So, Pour the Batter is a great way to signify this glorious event. My wife was always confounded by this song. She has said to me on numerous occasions, I can't believe you made this song. And that sums up perfectly how I feel about the birth of my daughter: I can't believe we made that baby girl.

(up next are some more bonus tracks and then on to the 2006 split CD, "Folk Me, Laztana")


This Thick World

Previously I wrote about this song HERE when it was on the Error Intact EP. But now it comes out less drowsy bedroom pop and more properly realized mope-soul.

So maybe that is why it feels a little more desperate. The walking bass and the weary viola talk to me saying, "yeah but" and "what about". I am glad we did it again even though some of my lyrical twist s are less than direct:

Hawaii is an island
No man is a shed
sloppy and soaked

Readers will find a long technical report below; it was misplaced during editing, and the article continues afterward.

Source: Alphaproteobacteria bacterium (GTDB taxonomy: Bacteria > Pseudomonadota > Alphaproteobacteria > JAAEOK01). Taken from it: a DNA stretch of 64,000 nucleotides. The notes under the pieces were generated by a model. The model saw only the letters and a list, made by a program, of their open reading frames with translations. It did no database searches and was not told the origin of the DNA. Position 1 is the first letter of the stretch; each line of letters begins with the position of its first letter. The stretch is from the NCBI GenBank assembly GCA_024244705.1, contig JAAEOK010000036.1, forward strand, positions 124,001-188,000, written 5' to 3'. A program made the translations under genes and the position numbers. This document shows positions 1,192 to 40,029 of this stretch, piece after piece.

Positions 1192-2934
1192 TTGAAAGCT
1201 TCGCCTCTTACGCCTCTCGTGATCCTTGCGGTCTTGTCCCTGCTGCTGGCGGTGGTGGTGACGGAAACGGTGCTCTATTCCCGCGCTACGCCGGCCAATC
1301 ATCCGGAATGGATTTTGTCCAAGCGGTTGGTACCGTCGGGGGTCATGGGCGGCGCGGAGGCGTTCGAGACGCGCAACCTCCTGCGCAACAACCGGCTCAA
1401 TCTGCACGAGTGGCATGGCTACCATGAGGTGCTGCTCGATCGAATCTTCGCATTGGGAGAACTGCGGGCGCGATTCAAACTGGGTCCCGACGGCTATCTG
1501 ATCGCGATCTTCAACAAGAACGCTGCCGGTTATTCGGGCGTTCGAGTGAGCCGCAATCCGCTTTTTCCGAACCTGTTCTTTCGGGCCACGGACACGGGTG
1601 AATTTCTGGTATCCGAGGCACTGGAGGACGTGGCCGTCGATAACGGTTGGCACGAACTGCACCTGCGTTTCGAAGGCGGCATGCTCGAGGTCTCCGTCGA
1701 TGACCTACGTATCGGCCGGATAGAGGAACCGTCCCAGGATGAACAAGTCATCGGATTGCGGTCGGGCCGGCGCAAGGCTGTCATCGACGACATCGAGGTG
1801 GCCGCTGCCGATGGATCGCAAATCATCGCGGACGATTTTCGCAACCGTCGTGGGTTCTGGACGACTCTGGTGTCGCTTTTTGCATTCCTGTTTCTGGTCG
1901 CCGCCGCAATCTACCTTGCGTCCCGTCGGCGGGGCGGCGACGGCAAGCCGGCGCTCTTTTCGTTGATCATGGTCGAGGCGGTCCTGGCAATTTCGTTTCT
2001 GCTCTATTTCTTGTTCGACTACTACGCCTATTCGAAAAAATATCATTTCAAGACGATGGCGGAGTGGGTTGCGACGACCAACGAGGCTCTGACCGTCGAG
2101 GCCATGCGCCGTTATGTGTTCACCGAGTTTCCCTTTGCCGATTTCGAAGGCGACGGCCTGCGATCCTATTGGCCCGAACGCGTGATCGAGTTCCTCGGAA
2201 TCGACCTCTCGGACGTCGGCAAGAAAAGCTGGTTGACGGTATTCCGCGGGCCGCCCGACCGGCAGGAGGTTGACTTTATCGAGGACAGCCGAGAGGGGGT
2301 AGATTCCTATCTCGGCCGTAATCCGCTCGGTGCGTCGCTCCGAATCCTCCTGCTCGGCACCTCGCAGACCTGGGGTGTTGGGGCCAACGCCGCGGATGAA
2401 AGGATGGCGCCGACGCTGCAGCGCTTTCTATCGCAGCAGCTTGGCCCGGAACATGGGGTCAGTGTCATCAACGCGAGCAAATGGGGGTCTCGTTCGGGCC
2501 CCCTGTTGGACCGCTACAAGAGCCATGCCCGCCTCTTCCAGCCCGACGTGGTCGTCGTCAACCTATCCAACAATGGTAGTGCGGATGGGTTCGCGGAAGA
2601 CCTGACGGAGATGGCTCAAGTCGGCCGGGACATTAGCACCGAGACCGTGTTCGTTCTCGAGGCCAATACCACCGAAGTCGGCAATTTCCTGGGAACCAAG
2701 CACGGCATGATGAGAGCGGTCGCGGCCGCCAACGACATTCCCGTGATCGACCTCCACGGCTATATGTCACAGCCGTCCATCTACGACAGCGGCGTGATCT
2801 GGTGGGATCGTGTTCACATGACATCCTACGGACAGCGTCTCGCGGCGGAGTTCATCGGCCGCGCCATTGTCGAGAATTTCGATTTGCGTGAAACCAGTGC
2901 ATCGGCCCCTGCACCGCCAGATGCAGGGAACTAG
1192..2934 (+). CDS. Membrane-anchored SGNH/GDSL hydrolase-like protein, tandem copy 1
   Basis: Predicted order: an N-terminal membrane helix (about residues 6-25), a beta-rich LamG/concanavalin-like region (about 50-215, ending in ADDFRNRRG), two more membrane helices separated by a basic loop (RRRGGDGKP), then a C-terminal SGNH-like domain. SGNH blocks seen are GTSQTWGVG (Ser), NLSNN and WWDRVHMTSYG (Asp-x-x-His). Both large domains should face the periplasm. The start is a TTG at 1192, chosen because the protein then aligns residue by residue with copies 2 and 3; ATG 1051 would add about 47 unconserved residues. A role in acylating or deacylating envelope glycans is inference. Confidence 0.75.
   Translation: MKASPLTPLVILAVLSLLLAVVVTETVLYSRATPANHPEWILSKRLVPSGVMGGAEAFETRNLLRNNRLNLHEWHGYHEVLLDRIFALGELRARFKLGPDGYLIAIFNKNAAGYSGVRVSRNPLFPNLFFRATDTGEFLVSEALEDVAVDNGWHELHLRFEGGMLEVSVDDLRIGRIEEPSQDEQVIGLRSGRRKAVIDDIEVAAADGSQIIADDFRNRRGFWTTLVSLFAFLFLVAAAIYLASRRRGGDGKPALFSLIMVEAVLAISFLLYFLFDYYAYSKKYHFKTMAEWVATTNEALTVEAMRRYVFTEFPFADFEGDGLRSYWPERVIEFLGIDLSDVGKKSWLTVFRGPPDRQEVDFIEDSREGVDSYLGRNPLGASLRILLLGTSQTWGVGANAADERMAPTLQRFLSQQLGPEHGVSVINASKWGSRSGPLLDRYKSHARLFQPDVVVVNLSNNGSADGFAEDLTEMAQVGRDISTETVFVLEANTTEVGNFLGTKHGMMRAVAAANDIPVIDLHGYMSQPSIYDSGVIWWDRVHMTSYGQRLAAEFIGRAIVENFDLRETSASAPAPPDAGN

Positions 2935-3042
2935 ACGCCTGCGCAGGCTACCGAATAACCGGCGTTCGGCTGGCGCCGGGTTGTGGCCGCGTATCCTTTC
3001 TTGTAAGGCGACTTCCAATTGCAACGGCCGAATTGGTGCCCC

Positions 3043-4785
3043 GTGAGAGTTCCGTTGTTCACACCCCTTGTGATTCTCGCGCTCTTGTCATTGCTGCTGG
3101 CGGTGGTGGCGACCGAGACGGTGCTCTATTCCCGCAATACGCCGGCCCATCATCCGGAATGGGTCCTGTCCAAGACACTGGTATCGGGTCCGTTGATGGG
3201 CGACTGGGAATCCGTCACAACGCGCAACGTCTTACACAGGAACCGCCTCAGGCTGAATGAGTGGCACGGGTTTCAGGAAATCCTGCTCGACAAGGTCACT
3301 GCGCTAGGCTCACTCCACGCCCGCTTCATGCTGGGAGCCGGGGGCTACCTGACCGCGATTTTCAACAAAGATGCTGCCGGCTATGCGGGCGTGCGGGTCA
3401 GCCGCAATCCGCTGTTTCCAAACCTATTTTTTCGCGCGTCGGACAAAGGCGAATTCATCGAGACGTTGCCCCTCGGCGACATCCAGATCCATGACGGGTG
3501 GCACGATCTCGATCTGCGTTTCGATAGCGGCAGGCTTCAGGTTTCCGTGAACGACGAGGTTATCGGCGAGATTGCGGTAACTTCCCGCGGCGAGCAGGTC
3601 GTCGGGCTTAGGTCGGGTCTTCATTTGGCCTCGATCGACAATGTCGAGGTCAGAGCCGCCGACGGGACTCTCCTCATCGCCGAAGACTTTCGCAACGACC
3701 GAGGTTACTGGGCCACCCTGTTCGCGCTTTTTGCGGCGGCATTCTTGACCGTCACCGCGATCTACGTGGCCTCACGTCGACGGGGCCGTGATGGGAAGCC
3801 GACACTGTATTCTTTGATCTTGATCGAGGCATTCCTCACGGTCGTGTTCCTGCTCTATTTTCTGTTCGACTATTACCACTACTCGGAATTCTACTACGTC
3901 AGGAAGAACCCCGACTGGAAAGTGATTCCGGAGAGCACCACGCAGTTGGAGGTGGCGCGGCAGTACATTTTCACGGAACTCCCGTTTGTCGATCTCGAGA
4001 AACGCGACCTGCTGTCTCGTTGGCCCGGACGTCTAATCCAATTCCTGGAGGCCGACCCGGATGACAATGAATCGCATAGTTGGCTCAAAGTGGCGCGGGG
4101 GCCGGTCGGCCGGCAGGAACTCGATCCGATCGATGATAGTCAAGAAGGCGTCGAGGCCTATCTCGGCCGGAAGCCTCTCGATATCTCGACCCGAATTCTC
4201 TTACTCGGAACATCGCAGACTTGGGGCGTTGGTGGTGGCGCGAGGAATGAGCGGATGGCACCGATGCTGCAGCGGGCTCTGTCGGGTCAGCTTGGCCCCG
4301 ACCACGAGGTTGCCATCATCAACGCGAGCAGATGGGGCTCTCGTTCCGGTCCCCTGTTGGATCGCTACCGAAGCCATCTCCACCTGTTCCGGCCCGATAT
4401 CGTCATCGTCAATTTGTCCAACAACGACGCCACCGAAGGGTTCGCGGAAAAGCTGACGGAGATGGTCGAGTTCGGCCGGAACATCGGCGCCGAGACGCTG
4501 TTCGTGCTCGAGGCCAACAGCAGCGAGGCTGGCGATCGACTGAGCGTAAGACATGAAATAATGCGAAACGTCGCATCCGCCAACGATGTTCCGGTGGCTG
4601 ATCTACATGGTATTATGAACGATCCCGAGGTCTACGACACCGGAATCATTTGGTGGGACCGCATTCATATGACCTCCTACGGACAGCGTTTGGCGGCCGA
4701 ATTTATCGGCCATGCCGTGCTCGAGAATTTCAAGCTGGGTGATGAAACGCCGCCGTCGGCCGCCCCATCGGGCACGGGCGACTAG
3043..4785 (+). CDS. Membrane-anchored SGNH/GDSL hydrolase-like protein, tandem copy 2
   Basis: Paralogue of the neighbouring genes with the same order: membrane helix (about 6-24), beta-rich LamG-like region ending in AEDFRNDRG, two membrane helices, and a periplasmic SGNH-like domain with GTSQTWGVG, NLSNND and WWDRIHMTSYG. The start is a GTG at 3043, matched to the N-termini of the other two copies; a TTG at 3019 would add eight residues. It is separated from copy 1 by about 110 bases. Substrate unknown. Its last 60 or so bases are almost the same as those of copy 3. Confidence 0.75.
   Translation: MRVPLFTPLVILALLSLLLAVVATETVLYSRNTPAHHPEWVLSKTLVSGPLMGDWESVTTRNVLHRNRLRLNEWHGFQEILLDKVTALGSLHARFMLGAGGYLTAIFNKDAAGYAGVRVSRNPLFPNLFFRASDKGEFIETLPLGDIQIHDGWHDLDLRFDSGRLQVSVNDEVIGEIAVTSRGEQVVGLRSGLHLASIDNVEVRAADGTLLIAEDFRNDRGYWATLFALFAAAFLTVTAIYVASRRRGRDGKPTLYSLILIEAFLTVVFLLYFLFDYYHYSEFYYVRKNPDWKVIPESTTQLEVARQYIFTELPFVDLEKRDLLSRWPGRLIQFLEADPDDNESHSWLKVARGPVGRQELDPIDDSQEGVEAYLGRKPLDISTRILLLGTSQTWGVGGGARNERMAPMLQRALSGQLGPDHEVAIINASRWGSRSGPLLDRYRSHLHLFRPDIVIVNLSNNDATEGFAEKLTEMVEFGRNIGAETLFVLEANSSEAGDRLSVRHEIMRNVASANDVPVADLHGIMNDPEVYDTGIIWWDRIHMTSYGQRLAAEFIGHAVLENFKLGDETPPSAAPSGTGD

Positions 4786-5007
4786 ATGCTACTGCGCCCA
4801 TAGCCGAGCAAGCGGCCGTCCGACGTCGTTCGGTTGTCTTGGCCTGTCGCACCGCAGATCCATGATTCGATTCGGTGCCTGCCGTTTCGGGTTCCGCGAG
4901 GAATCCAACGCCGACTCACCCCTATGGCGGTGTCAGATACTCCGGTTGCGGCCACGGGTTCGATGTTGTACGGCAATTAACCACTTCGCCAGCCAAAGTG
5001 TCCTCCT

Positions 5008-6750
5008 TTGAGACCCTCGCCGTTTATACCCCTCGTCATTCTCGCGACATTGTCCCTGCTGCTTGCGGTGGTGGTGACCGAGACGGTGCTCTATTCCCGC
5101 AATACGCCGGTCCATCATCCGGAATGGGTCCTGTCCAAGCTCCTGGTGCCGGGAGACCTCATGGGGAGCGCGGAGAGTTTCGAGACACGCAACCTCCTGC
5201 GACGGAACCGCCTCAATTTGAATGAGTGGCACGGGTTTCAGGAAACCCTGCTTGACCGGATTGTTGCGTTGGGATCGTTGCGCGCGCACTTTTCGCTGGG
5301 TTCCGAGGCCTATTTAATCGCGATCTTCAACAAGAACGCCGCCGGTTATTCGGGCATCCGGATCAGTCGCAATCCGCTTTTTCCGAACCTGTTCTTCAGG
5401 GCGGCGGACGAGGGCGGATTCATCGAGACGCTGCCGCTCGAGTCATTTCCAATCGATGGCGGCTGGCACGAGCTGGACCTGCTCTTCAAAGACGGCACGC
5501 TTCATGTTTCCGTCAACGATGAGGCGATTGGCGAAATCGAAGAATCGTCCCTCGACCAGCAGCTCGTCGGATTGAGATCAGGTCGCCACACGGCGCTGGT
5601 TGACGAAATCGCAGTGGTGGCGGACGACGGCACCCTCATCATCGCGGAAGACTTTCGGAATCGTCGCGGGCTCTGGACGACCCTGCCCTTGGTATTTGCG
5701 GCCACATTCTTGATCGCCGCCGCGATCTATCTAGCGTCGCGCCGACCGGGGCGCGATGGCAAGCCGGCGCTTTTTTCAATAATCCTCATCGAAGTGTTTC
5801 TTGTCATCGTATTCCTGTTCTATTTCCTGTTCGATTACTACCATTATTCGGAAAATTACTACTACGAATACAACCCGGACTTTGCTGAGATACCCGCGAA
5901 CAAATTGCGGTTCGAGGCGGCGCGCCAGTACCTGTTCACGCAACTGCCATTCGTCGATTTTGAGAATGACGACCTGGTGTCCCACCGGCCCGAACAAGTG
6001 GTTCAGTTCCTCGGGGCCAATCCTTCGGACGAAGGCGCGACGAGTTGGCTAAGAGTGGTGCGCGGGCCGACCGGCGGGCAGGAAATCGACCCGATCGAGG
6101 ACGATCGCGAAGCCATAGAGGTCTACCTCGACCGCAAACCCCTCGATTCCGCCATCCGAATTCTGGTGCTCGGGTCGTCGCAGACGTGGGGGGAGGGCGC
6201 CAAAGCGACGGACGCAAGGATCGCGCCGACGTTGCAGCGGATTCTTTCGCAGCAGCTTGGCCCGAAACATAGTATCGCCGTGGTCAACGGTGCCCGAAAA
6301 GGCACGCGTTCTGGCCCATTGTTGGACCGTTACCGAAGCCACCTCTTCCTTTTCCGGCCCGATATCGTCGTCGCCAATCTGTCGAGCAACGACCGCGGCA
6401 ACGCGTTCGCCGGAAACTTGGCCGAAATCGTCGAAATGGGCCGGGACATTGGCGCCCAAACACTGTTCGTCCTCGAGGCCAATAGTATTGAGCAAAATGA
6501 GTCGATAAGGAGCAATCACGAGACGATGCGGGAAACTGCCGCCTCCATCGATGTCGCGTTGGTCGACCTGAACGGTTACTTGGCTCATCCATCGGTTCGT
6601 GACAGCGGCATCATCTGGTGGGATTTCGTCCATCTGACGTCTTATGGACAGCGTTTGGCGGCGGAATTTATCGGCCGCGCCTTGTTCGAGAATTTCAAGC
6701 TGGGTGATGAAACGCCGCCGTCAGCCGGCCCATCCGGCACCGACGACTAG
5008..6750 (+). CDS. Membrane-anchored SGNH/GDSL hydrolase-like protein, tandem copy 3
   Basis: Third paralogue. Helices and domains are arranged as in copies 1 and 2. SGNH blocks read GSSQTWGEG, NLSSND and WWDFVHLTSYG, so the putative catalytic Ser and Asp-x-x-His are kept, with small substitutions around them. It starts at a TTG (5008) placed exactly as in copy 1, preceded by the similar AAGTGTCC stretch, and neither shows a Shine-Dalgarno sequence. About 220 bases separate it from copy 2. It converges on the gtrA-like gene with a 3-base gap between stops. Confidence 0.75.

I've bitten my bread

I was thinking about the phrase, "You've made your bed, now lay in it". And I thought that biting your bread was an equally understandable metaphor - You've bitten your bread, now swallow it. Again, phrase coinage rears its confusing head.


I Fell at the Opera

On family reunion trip to the Catskills in 2004 I went horse back riding for the first (and last) time. After about 10 minutes of vague "lessons", I was suddenly on top of a 8 foot tall monster of a horse. Totally gripped by fear, I tried to concentrate on keeping off the ground and keeping this animal calm. Through the tree-lined paths I am sure I saw a brown bear stalking a doe. Perhaps this was an odd fear induced hallucination.

I can train a bear
to follow behind

a doe, a doe, a doe